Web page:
This morning UCL’s Joint Faculty E-Learning Forum – that’s Arts & Humanities and Social & Historical Sciences – met for the second time. The first meeting had focused on assessment and feedback, so ELE gave a brief presentation on our actions since then and recommended avenues colleagues in departments could pursue.
This post provides some resources to support those, which you can also find in the presentation from the meeting below.
Student engagement with assessment feedback
Our discussions with students suggested low awareness of feedback release dates and our investigations revealed patchy engagement with feedback.
- What can we find out about student engagement with feedback? Turnitin provides some basic information to staff about student engagement with feedback. Each assignment inbox has a student response column containing either a dot (no engagement) or in the case of students who reviewed their graded paper in GradeMark for longer than 30 seconds, an icon of a person with a check mark. For a fuller picture of how long it takes students to visit their feedback, check more than once – for example, one day, one week and one month after feedback is released. Moodle Assignment has a different process: in each assignment’s Settings block, click Logs and filter actions by View.
- Since Moodle and Turnitin don’t alert the students automatically, it’s important to use the News Forum or other communication channel to draw students’ attention to feedback when it becomes available.
- ELE have guidance for Moodle Assignment on how to delay providing a numeric mark, to encourage students to engage with feedback. With Turnitin this cannot be done as a bulk process, though there are workarounds.
- Turnitin UserVoice and Moodle Tracker are available for users to contribute and vote for ideas (to create an account on Turnitin UserVoice, enter your UCL email and you should get an option to create account). For example, on Turnitin UserVoice see ‘Feedback released prior to grades’, with a corresponding item on the Moodle Tracker. Do contribute your ideas and votes.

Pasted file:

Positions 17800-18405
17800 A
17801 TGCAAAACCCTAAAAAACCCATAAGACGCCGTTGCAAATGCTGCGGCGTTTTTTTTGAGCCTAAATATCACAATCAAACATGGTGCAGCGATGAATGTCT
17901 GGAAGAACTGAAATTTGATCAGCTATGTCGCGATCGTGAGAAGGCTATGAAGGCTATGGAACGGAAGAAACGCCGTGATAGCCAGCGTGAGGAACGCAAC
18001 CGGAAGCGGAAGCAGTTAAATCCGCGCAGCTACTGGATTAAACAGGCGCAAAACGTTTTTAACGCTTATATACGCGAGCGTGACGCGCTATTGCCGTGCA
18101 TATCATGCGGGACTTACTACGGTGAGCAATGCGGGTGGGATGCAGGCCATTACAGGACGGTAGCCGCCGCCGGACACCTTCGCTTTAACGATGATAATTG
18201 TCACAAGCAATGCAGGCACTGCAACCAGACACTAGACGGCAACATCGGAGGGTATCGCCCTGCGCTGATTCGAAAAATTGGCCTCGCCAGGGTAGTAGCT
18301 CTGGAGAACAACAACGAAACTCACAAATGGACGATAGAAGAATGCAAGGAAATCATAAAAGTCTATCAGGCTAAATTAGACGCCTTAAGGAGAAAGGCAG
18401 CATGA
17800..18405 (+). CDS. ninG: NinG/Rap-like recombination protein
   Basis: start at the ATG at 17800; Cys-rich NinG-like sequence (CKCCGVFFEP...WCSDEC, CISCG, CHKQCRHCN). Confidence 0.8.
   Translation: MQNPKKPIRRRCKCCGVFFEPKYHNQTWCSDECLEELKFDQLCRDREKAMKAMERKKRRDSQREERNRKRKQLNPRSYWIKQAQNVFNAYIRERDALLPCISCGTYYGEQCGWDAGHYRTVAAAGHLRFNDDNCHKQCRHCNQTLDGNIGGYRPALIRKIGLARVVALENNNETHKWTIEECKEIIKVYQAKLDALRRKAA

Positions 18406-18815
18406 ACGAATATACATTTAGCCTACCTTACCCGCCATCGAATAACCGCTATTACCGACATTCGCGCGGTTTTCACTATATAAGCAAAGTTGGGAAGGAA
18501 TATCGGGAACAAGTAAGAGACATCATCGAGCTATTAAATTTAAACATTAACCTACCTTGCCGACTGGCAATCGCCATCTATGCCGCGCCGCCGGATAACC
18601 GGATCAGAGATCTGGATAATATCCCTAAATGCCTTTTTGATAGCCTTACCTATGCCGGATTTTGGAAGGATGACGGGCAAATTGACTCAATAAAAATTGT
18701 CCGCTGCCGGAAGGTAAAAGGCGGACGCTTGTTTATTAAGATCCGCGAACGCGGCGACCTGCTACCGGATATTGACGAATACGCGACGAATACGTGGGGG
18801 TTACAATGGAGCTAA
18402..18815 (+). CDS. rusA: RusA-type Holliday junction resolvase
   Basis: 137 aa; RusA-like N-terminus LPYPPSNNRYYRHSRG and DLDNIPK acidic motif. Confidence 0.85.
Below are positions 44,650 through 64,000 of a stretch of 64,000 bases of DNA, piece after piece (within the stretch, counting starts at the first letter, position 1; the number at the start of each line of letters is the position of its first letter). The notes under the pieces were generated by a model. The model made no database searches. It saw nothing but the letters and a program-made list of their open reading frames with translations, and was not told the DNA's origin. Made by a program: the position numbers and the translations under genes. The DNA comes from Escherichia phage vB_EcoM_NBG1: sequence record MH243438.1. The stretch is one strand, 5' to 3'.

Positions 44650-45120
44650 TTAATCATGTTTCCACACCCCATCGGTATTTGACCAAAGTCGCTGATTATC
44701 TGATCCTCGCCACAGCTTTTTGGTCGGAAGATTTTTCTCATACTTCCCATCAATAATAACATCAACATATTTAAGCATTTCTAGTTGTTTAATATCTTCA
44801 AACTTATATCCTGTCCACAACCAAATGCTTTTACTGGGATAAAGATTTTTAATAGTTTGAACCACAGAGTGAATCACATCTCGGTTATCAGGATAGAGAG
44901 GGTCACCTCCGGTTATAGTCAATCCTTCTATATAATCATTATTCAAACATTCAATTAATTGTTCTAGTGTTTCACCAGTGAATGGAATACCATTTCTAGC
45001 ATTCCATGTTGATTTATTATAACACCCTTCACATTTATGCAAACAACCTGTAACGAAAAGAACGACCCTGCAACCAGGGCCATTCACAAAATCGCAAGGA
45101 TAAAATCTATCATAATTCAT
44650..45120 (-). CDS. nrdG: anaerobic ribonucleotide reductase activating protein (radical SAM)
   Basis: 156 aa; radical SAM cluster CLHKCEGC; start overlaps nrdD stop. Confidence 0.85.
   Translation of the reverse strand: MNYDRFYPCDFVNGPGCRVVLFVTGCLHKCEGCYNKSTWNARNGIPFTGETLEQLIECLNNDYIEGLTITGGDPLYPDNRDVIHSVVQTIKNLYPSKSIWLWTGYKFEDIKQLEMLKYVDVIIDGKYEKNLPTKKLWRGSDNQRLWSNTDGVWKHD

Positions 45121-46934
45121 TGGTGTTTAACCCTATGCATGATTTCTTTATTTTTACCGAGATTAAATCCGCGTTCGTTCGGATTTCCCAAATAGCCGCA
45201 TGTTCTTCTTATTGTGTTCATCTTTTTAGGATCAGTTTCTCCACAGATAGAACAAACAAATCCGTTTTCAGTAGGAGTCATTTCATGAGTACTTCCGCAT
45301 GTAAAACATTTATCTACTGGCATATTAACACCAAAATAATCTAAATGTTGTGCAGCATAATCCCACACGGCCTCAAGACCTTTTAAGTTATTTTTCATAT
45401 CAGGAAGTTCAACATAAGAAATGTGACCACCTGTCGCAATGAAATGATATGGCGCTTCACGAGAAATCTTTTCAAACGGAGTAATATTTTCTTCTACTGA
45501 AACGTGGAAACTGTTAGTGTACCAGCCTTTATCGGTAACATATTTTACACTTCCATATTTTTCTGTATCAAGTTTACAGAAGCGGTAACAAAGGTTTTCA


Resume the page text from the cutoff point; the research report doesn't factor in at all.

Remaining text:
- The solution to low engagement may lie in rethinking assessment design so as to incorporate dialogue about earlier feedback. Jisc has gathered assessment and feedback principles and provides support for the design of assessment such as the University Of Ulster’s Viewpoints. Where there is anonymous submission, ELE has guidance on Turnitin aligned with the marking policy which enables you to lift anonymity between marking and external examining, so as to enable dialogue with students. We are in the process of preparing corresponding guidance for Moodle Assignment.
- See M09 – Collecting & Marking assignments in Moodle (UCL Moodle Resource Centre) for how to give external examiners access, including access to still-anonymous marked student submissions.
Efficiency gains? Efficiency losses?
- See Supporting assessment and feedback practice with technology: from tinkering to transformation – Jisc’s Assessment & Feedback Programme synthesis report from 2013.
Advocacy with third party software providers
- Towards a consensus on priorities and actions, get involved with Jisc’s Electronic Management of Assessment project between now and August 2015. They need help from different groups of users to develop ‘user personas‘.
- To view the top 10 and top 20 priorities generated by the consultation so far, see this October 2014 blogpost from the project.